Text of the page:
Craig Calcaterra

Blogger at NBC Sport.com's HardballTalk. Recovering litigator. Rake. Scoundrel. Notorious Man-About-Town.
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Aaron Judge invited to the Home Run Derby, still mulling if he’ll participate

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Aaron Judge is the top vote-getter in the All-Star balloting so far and, obviously, he and his moonshot home runs are the biggest story of the first half of the season. Not surprisingly, then, he was extended an invitation to the Home Run Derby.

Will he do it? He’s not sure:

“Haven’t decided yet. I’ll think about it for a while and see what we do . . . Just more focused on what I can do for the team right now.”

He’s probably wanting to get the OK from Yankees brass, seeing as how some teams have had kind of an uneasy feeling about their sluggers participating in the past. There’s a notion out there, less so now than there used to be, that participating in the Home Run Derby messes up power hitters. That’s generally been debunked, but it still holds to some degree.

I suspect Judge will participate, especially seeing as though he’ll be down in Miami for the All-Star Game itself. If so, we should expect a show. His power is prodigious and his BP homers are McGwire-eseque. He’ll probably put on a tremendous show.

And That Happened: Tuesday’s Scores and Highlights

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Here are the scores. Here are the highlights:

Dodgers 12, Mets 0; Mariners 5, Tigers 4: It was a huge night for the Seager brothers: Corey hit three homers for the Dodgers, driving in six. Kyle hit a walkoff double to give the M’s the win over the Tigers. My brother and I have never had a night quite that eventful, but one time in 1992 my brother, while home on leave from the Navy, skateboarded down the road in front of our house naked on the very same night I got violently ill after drinking too much Jack Daniel’s (I was 19, so “too much” was “any”) and woke up on the bathroom floor. That’s basically the same thing, right?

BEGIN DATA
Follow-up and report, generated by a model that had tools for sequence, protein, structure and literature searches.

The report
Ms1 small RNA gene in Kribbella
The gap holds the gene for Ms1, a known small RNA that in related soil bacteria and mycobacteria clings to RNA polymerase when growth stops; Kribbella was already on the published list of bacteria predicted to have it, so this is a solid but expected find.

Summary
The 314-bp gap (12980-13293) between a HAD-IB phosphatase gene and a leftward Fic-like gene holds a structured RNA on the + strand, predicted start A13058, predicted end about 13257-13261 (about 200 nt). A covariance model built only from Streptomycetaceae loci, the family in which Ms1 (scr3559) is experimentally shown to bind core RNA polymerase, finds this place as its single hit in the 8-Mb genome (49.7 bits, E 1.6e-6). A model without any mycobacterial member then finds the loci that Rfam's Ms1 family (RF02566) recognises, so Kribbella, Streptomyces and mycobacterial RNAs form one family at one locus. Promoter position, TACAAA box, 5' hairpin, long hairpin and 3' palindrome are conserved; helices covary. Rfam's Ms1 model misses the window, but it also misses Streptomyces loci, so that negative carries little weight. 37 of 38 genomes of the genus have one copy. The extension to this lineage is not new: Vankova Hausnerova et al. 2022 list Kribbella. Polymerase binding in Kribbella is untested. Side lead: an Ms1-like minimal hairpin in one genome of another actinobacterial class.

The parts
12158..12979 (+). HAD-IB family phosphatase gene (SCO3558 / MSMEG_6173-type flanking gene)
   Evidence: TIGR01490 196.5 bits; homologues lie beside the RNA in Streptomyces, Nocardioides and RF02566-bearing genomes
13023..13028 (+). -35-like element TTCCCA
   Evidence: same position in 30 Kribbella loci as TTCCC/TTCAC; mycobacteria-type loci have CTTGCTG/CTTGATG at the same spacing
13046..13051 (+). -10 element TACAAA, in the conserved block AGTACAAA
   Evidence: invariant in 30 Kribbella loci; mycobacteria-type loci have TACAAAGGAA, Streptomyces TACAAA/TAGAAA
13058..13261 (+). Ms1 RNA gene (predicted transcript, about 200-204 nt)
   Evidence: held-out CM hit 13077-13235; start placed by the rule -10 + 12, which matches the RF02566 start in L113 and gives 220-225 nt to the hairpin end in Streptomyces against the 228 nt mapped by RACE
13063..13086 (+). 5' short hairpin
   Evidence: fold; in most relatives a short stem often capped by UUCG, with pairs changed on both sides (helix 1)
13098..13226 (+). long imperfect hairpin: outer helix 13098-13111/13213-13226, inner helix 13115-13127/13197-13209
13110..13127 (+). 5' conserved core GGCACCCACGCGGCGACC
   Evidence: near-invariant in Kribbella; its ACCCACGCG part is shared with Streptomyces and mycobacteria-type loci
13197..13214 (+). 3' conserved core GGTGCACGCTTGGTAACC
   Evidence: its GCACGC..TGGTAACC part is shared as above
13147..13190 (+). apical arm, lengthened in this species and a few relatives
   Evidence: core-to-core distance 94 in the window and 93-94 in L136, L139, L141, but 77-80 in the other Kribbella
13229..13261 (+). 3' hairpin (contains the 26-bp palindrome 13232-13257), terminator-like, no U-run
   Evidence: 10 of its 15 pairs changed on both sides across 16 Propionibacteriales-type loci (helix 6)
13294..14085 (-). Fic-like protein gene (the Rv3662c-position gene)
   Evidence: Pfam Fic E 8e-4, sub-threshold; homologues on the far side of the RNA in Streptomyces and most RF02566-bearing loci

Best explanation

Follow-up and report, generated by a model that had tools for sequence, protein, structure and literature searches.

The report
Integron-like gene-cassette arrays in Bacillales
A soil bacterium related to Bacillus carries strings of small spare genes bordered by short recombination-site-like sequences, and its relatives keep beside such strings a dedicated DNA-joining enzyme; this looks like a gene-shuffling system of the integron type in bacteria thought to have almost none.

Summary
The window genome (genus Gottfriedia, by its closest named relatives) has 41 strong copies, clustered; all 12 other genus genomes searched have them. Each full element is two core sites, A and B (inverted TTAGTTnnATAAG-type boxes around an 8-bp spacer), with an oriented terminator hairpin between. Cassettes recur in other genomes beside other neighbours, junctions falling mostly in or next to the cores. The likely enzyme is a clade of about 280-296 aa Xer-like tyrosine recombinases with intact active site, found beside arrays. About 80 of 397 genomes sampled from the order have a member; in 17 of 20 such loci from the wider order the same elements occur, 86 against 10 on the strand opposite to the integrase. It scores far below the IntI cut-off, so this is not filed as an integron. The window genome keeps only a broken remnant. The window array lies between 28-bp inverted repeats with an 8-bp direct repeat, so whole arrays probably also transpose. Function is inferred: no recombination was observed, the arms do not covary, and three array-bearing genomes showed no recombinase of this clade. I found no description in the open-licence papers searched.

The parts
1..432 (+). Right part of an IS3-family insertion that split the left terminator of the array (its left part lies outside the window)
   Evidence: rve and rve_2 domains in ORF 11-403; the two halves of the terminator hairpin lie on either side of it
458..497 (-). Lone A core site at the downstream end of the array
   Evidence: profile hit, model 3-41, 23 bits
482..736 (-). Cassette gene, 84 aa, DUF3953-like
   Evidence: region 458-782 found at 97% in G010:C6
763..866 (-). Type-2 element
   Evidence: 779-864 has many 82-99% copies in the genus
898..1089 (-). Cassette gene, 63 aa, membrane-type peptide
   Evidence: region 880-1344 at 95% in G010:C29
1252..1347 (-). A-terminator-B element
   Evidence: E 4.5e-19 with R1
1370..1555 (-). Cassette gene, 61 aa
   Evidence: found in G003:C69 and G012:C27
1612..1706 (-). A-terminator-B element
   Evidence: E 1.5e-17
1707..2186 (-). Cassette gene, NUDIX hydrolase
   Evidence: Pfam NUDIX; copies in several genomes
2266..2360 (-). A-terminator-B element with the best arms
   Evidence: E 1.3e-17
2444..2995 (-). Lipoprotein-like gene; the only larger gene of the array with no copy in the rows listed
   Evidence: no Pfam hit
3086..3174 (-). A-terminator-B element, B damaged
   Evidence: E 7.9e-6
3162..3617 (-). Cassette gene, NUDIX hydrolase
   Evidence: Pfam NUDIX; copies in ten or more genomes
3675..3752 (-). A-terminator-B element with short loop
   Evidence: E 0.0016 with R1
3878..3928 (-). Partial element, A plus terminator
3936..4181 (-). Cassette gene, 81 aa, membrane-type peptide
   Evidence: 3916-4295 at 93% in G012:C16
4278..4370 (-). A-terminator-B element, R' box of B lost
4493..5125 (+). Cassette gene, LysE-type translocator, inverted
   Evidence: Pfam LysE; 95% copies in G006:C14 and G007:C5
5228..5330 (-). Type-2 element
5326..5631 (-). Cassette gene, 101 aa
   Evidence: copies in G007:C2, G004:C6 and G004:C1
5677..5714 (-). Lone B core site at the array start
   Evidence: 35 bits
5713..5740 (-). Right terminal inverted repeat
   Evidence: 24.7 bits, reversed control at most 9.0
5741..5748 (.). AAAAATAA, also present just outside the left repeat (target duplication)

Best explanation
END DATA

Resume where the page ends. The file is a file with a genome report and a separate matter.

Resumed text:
Giants 6, Braves 3: Atlanta had a 2-0 lead heading into the eighth, but Julio Teheran ran out of gas, giving up a three-run homer to Austin Slater. Ian Kroll came in after him and gave up two more runs — one charged to him, one to Teheran — and there was no coming back from that. Regarding that homer from Austin Slater: not bad for someone who is obviously a fictional character from a straight-to-VHS 90s action movie. Indeed, I don’t think there is any more of a 1990s name than Austin Slater. That’s the name equivalent of JNCO jeans crossed with a 1-800-COLLECT commercial.

Orioles 6, Indians 5: The Orioles can’t pitch, but when your third baseman goes 4-for-4, hits two homers and drives in four, you have a fighting chance. He also scored the winning run following a double in the seventh. Can Manny Machado pitch?

Angels 8, Yankees 3: You’ll be shocked to learn that Tyler Clippard came into a tie game and coughed up the lead. Shocked, I say!  Here it was Cameron Maybin hitting a solo homer off of him in the seventh. Clippard then gave up a double and an RBI triple. The guy who hit the triple — Yunel Escobar — would then score after Clippard got the hook. The Yankees have lost seven in a row and have fallen out of first place thanks to this loss and . . .

Red Sox 8, Royals 3: . . . this win. Chris Sale pitched eight and a third, striking out ten. Xander Bogaerts and Sandy Leon each drove in a pair, and recent callups Sam Travis and third baseman Deven Marrero drove in a run each.

Cardinals 8, Phillies 1: You don’t often see teams win extra innings game by seven runs, but the Cards did it. A pitcher’s duel between Mike Leake and Jeremy Hellickson had it at 1-1 at the end of regulation, but the Phillies bullpen — specifically, Edubray Ramos and Casey Fein — hemorrhaged runs in the 11th inning. Stephen Piscotty doubled in two and then Yadier Molina and Tommy Pham piled on with two-run homers.  Matt Carpenter‘s RBI double ended the carnage. Philly has lost 12 of its last 13 games.

Nationals 12, Marlins 3:  Stephen Drew had three hits and three RBI and Ryan Zimmerman drove in three runs with a double and a single as the Nats romped. In other news, Nats starter Gio Gonzalez had a friend sitting behind the dugout who got hit in the head with a bat, but go on and tell me that netting is a “creature of the nanny state,” my dude.